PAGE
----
One of the many delights to be savoured is the star-studded line-up of women, mostly speaking in their lowest register and, with something like 30 or 40 claymores, listening was a pleasure all on its own.

Claymore could have done with more development of Raki and cut back on the shonen aspects of the fight scenes but it’s so refreshing to watch a serious anime without schoolgirls that isn’t afraid to kill off major characters.

Extended review

Cleopatra (movie) Decent

Colorful (TV) Decent

Sixteen six minute piss-takes on the male gaze and other male fetishes. The content is actually quite mild, if repetitive so, thankfully, it comes in six minute bursts. Whether you think the satire works depends in large part on how funny you find it. Sometimes its hilarious - the godzilla-esque school girl with legs akimbo in Shibuya is the pick of the series - and these moments, along with the rapid-fire format made it, on balance, worthwhile for this viewer. And sometimes I can sympathise with my hapless counterparts sneaking a peek - the sportsgirl Yamamoto (pictured left), for one, is very sweet.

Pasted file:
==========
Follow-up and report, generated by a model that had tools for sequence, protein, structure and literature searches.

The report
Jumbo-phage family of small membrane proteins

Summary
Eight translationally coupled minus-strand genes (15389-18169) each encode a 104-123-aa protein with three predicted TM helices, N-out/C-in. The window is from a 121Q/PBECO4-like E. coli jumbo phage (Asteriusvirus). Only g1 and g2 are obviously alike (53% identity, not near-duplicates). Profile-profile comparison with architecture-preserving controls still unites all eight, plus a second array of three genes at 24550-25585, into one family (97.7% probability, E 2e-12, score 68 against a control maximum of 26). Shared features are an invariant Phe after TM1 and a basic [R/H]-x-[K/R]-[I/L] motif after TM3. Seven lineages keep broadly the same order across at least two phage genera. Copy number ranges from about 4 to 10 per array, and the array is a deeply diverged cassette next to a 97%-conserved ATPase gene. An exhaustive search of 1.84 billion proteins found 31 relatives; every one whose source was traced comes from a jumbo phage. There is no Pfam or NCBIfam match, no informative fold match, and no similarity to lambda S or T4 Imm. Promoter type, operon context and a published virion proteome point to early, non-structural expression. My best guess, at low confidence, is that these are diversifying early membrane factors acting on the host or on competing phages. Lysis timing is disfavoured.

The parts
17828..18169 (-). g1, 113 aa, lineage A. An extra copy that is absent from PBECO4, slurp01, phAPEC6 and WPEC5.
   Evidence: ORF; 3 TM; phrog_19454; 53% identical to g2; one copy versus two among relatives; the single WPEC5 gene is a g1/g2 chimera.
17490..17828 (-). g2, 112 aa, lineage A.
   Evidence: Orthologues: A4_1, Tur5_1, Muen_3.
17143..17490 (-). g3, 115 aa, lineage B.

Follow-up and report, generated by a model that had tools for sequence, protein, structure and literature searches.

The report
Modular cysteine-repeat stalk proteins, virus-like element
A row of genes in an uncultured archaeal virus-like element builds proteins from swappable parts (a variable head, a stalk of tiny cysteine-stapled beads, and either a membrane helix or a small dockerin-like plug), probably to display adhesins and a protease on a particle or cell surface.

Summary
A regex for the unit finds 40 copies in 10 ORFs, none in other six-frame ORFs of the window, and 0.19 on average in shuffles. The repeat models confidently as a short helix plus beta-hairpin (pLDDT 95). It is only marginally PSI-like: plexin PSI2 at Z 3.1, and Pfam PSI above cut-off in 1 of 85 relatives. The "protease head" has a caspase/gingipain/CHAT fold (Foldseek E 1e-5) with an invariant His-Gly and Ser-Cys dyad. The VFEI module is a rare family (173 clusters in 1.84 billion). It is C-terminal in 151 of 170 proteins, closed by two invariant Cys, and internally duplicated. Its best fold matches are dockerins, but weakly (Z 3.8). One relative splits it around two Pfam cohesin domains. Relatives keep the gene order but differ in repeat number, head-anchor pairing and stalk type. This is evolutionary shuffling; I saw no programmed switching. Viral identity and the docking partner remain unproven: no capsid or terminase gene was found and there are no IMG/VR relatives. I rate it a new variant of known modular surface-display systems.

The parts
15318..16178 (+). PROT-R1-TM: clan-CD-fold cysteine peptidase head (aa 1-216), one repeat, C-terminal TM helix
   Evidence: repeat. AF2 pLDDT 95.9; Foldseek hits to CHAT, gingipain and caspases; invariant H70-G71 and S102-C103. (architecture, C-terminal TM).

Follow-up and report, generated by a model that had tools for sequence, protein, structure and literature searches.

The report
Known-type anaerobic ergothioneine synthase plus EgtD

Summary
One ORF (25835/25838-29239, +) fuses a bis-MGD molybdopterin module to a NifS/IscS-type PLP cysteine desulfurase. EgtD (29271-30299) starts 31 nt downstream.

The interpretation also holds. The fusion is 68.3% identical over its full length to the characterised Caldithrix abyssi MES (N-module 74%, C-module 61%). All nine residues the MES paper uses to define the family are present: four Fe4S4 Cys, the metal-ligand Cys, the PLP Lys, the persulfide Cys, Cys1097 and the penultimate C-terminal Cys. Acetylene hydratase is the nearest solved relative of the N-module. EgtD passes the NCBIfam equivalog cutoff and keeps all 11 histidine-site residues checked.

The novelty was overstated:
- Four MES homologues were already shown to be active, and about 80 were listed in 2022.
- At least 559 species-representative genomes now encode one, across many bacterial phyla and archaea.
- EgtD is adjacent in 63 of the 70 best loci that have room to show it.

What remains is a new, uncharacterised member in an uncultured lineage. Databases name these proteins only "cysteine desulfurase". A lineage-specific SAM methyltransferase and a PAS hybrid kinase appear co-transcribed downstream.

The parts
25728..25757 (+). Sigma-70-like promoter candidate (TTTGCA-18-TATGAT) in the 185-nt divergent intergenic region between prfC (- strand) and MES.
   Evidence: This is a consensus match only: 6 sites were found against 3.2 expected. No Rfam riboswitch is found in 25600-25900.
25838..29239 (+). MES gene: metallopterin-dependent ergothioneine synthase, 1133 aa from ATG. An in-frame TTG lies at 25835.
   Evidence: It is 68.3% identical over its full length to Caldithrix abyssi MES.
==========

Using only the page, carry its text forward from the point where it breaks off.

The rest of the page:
Comedy (OAV) Masterpiece

Ten minutes of distilled magnificence. Other than its lack of overt sexual imagery this could be straight out of Angela Carter's Bloody Chamber. It hit just about every positive anime button in my psyche: the Irish setting, the bloody retribution occasioned upon the English invaders (yes, I have Irish ancestry), the magical story oozing atmosphere, the Franz Schubert music, the ever present wit, and, above all, the characters of the scheming, serious child and the violent yet subtly comic elf king (watch out for the foot in the face moment - sounds horrible but its kind of sweet). I find myself watching it over and over. It really is that good.